By Louis Jacobson
© Washington City Paper
Thursday, September 30, 2004.
Hugh Shurley's photographic collages are pretentious, difficult, and still somehow compelling.
For an 18-work show at the Fraser Gallery, Shurley has produced muted, dark-toned images that look a little like retouched 19th-century ambrotypes (and seem to include no traces of modernity). But it's his combination of high-Gothic iconography and random-seeming titles that are the main reasons Shurley's work is so hard to figure out.
"Lucky" features a man naked except for his underwear, with an American flag superimposed over him; "The General's Lover" features a man with a bandaged head who's leaning backward; and "Crossing Guard" showcases a diminutive, old-fashioned-looking woman held in a squarish container that hangs precariously from an outstretched finger.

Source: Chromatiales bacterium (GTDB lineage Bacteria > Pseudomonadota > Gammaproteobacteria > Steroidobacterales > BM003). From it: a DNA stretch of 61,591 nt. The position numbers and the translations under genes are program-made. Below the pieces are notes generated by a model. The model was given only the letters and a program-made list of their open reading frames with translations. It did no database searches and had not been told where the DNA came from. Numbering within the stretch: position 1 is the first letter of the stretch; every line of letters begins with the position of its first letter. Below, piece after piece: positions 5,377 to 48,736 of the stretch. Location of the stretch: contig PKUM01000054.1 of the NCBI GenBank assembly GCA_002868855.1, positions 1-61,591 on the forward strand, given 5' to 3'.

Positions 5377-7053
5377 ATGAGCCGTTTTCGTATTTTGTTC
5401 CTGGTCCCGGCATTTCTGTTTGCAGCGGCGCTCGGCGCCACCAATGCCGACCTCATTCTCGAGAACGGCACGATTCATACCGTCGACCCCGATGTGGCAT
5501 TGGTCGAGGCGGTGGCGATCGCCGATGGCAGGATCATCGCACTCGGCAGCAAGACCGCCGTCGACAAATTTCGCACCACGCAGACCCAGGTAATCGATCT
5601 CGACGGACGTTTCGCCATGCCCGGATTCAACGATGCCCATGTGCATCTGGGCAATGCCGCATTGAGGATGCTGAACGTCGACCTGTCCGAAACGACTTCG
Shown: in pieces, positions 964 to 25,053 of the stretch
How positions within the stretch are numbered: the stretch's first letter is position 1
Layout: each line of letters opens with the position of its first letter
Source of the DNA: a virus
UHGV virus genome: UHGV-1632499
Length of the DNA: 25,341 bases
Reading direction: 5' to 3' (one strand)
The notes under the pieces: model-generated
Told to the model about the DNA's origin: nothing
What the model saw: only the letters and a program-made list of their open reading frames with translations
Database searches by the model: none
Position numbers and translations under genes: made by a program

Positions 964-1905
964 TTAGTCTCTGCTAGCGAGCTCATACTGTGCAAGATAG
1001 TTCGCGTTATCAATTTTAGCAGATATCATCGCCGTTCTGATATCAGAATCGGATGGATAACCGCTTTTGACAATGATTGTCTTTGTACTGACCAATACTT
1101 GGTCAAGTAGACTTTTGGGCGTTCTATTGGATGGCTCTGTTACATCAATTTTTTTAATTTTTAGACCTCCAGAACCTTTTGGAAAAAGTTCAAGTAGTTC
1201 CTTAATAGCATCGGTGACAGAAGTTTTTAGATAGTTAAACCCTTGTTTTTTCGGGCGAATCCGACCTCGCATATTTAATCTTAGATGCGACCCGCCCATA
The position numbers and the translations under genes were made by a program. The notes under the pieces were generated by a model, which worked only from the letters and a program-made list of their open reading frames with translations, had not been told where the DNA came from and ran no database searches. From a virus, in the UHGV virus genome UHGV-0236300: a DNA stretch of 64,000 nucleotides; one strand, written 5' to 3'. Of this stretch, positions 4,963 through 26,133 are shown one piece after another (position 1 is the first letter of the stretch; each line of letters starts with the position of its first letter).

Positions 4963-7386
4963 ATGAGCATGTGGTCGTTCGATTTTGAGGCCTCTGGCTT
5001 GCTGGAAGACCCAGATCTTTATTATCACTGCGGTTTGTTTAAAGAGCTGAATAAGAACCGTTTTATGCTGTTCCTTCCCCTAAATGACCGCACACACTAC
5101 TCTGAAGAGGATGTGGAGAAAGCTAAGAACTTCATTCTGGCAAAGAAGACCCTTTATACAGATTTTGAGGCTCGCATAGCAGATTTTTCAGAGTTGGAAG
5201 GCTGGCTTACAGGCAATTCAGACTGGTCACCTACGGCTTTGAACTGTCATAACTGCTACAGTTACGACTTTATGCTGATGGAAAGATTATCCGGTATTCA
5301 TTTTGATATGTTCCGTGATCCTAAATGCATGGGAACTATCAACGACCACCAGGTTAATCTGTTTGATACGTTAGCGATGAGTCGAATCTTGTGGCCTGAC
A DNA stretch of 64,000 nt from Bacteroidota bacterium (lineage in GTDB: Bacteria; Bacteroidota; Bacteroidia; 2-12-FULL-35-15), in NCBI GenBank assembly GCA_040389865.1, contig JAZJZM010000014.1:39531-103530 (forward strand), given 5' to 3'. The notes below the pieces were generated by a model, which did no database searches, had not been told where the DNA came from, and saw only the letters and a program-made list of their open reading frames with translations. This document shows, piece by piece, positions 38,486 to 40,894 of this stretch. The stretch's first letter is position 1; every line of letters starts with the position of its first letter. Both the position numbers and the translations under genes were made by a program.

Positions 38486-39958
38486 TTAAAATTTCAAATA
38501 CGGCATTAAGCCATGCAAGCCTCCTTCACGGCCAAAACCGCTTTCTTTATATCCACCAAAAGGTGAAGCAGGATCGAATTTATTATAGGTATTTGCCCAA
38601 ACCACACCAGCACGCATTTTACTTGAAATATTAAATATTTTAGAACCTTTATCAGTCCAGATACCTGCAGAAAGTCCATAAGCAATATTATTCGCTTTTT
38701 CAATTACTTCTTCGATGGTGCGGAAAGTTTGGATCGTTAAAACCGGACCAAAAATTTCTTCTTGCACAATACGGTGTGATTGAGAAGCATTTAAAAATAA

Get it? All you can expect is to appreciate Shurley's offbeat, if grim, flights of fancy: "Bad Doughnut," which features a blue-tinted skull, sticking out of a bucket full of bakery treats; "Something Borrowed," a shot of a woman in a wedding gown and a straitjacket; and "Placate Ballet," which depicts a dead frog that seems to dance joyfully in a formaldehyde jar.
The imagery is as downbeat as that of the Cuban artists showcased at Fraser over the past year or so, but at least viewers can immediately grasp the source of the Cuban artists' angst. Shurley's demons, by contrast, are kept infinitely more obscure.
His work is on view from noon to 3 p.m. Tuesday to Friday, and from noon to 6 p.m. Saturday to Wednesday, Oct. 13, at Fraser Gallery, 1054 31st St. NW. Free. (202) 298-6450.
© Copyright 2004 Washington City Paper